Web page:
May 13, 1998 WASHINGTON, D.C. -- A technique developed to help astronauts stave off problems with their blood vessels in zero gravity may become an important tool in helping prevent strokes among the estimated 50 million Americans who have high blood pressure.
The technique, which involves placing the patient's lower body in a vacuum, would let doctors know which of their patients with high blood pressure could suffer a stroke if their blood pressure is lowered too much with medication, said Dr. John Absher, assistant professor of neurology at the Wake Forest University Baptist Medical Center.
"People with high blood pressure have hardening of the arteries, and when your arteries get hard, too much of a drop in blood pressure can produce problems," Absher said.
Absher presented the results of his small-scale study involving 10 patients today at a meeting of the Space and Underwater Research Group of the World Federation of Neurology. The meeting is being coordinated by the Stroke Research Center at the Wake Forest University Baptist Medical Center.
In space, astronauts spend time wearing special pants hooked up to a vacuum that lowers the pressure around their legs. This pulls blood to their legs, mimicking the effect of gravity and preventing "vascular deconditioning," Absher said.
By adapting this technique, doctors could determine at what blood pressure a patient might be a risk of stroke or "silent stroke" -- a gradual loss of adequate blood flow to the brain that can go unnoticed.
Doctors have long known about the problem, Absher said, "but no one has had a way to test it."
In his study, Absher sealed off the lower bodies of patients with high blood pressure in a plastic drum and then used a vacuum to lower the pressure inside the drum. This lowers blood pressure in the brain by pooling blood in the legs. During this process Absher took images of blood flow in the brain with a PET scan to determine at what point the blood pressure dropped to the point that the brain was not getting enough oxygen.
"It's a safe and reproducible way to see what happens when blood pressure drops," Absher said.
He compared the technique to the standard treadmill test for heart disease patients. Doctors stop a treadmill test when the patient begins to exhibit signs of interrupted blood flow, and it takes a few minutes to settle down. With his test, once symptoms begin, the test is stopped and "flow returns to normal in 10 seconds."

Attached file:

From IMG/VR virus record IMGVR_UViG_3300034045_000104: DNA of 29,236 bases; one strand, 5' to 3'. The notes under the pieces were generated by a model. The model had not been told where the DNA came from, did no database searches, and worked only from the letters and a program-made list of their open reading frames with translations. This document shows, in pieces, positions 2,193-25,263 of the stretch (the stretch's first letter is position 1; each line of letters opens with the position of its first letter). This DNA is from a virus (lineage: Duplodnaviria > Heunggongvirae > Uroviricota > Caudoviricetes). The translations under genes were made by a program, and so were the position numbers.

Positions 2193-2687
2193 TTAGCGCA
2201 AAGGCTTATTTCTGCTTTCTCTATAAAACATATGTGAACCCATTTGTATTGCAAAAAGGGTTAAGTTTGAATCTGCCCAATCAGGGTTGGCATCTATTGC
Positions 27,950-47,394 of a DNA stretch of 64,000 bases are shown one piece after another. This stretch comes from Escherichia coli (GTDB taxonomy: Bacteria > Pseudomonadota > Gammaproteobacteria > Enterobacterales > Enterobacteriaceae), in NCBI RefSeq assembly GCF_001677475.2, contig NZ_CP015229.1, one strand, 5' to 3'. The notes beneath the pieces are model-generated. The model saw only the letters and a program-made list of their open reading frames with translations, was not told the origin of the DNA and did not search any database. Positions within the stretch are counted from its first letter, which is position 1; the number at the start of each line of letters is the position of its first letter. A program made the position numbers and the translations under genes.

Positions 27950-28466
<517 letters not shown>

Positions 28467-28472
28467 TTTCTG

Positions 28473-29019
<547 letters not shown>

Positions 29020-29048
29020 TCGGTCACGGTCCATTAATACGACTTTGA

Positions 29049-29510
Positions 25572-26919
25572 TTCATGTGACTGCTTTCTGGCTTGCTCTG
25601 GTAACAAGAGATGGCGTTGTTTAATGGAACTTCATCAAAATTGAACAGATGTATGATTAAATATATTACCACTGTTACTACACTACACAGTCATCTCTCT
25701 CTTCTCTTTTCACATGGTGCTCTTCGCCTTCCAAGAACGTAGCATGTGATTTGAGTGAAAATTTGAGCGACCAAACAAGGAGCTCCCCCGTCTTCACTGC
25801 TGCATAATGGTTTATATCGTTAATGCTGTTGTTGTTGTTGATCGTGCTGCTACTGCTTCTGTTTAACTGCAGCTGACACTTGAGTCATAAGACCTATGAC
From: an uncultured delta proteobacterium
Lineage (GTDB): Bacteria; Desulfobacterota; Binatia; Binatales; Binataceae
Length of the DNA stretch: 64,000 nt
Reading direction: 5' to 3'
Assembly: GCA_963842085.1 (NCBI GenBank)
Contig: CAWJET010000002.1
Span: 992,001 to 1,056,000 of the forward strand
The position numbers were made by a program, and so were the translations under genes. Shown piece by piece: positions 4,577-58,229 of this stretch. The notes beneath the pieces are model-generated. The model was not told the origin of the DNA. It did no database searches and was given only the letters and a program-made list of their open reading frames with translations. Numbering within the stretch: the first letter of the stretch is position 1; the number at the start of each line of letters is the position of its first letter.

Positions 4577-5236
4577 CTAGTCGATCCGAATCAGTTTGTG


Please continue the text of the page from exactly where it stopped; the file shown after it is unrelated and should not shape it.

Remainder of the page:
"We know we have 25 percent of the people who have high blood pressure and even though we are treating these people with medication to lower their blood pressure, some of them continue to have strokes," he said.
"Part of the reason might be we don't know how low they can go safely and we haven't had a way to measure that risk," Absher said. "This technique may be able to help us do that."
The American Heart Association estimates that 50 million Americans have high blood pressure. High blood pressure is the leading risk factor for stroke, which is what happens when a blood vessel serving the brain is blocked by a blood clot or hemorrhages, impairing the flow of oxygen to that part of the brain. About 500,000 Americans suffer stroke every year. Stroke is the third leading cause of death and the leading cause of disability in the United States.
The four-day meeting -- the Congress on Cerebral Ischemia, Vascular Dementia, Epilepsy and CNS Injury: New Aspects of Prevention and Treatment from Space and Underwater Exploration -- concludes at noon Wednesday at the Washington Marriott Wardman Park Hotel, formerly the Sheraton Washington.
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The above story is reprinted from materials provided by Bowman Gray/baptist Hospital Medical Center.
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